Model: Annie Huntley
At the end of World War II, the United States and the former Soviet Union entered into what was arguably the most unsettling time in modern history, the Cold War. With nukes and other forms of weapons capable of blowing up the world time and time again, things ended when the Soviet Union capitulated.
While the Cold War may be over in terms of world politics, a war between Mustangs, Camaros, and Firebirds has been going on since the late '60s and still rages on road courses throughout America. Today, instead of the Iron Curtain, there's an iron of a different kind, namely the National Auto Sports Association's American Iron Series.
Standing on the front lines of battle is Julio Mayan and his '93 Mustang GT. Julio, of JME Enterprises, decided that this car and the American Iron Series would be the perfect proving ground for his company's performance components. "Our goals were to run this car in the NASA American Iron Series to prove the effectiveness, performance, and durability of our new SLA front suspension," he says. To showcase the company's go-fast goodies, Julio decided to take a '93 Mustang GT and turn it into a racer worthy of battle on the road course.
Power, handling, and durability were the three fundamental components Julio and the crew at JME needed to address when building the Pony for competition. The transformation from street cruiser to corner carver began under the hood, where the stock 302 pushrod engine was removed and taken down to bare bones. The block was then poked and stroked, with the bore increasing to 4.040 inches and, thanks to a long-arm forged Eagle crank, the stroke now measures out to 3.250 inches. Eagle 5.4-inch forged H-beam rods swing on the crank, while gliding up and down the cylinder walls are JE pistons. Making sure that the 333ci powerplant would be lubricated with oil no matter what, a Johnson High Tech Performance external three-stage oil pump was installed, along with a Canton Accusump 3-quart accumulator and a wet sump pan that was modified by JME for the Johnson pump.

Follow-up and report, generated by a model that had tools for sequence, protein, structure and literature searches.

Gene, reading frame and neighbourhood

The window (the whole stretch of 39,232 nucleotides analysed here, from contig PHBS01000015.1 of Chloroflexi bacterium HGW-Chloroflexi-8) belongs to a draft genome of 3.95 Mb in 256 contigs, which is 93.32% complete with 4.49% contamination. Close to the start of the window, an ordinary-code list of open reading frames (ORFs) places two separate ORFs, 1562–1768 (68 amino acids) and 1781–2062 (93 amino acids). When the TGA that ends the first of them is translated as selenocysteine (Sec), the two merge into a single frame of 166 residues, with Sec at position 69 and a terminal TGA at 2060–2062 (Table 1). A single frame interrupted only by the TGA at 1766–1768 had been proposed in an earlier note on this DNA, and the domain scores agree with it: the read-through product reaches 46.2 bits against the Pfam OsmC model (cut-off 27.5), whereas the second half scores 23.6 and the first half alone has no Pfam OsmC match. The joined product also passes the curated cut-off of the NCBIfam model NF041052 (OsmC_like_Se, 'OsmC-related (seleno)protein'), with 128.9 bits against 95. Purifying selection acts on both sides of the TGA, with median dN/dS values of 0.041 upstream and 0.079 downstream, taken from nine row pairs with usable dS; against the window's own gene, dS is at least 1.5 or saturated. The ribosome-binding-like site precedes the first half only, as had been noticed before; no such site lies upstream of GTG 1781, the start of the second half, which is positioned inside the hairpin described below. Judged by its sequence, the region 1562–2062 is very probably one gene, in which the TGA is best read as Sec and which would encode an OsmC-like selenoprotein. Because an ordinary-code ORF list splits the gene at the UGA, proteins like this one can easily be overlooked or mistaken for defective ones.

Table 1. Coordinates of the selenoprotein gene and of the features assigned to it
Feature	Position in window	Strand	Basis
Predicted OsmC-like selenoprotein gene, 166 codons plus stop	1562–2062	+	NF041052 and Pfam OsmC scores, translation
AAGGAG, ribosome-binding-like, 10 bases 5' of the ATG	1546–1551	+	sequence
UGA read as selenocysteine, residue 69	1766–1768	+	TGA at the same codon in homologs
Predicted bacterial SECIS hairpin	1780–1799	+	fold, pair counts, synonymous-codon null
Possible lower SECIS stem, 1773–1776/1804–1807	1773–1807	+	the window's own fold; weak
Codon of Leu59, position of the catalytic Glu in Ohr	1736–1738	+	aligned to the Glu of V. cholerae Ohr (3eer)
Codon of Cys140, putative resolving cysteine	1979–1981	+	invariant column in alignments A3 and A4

Julio's Mustang hustles around the track thanks to a 333ci poked and stroked small-block F
A Comp Cams dual-pattern camshaft was shoved in next. The bumpstick showcases lift figures of 0.565 inch on the intake and 0.574 for the exhaust. Duration at 0.050 inch lift checks in at 232 intake and 240 exhaust. With a naturally aspirated motor, getting air in and out is the key to making power, and to do so, an upgraded set of cylinder heads is a no-brainer. With that in mind, AFR 185 heads were bolted on. Featuring additional porting work, Ferrea 6-Series valves, and Comp Cams dual valvesprings and titanium retainers, these heads were the perfect choice for the road-race car.
Sitting between the intake ports is a Holley SysteMAX intake manifold. Fuel makes its way into the engine via 30-pound injectors, and the spark is provided with help from a Digital 6 box, distributor, and coil from MSD. The signal to light the plugs is sent from the stock computer that has been loaded with a Superchips custom tune. Spent gasses are shuttled out of the engine via BBK ceramic-coated 13/4-inch long-tube headers that dump into an unmuf-fled SpinTech 3-inch exhaust system that was installed by Terry Buch at JME. Keeping the bullet cool under fire out on the track is a Meziere Enterprises electric water pump and Fluidyne radiator. When all was said and done, the supersized small-block Ford spun out 385 hp at the rear wheels.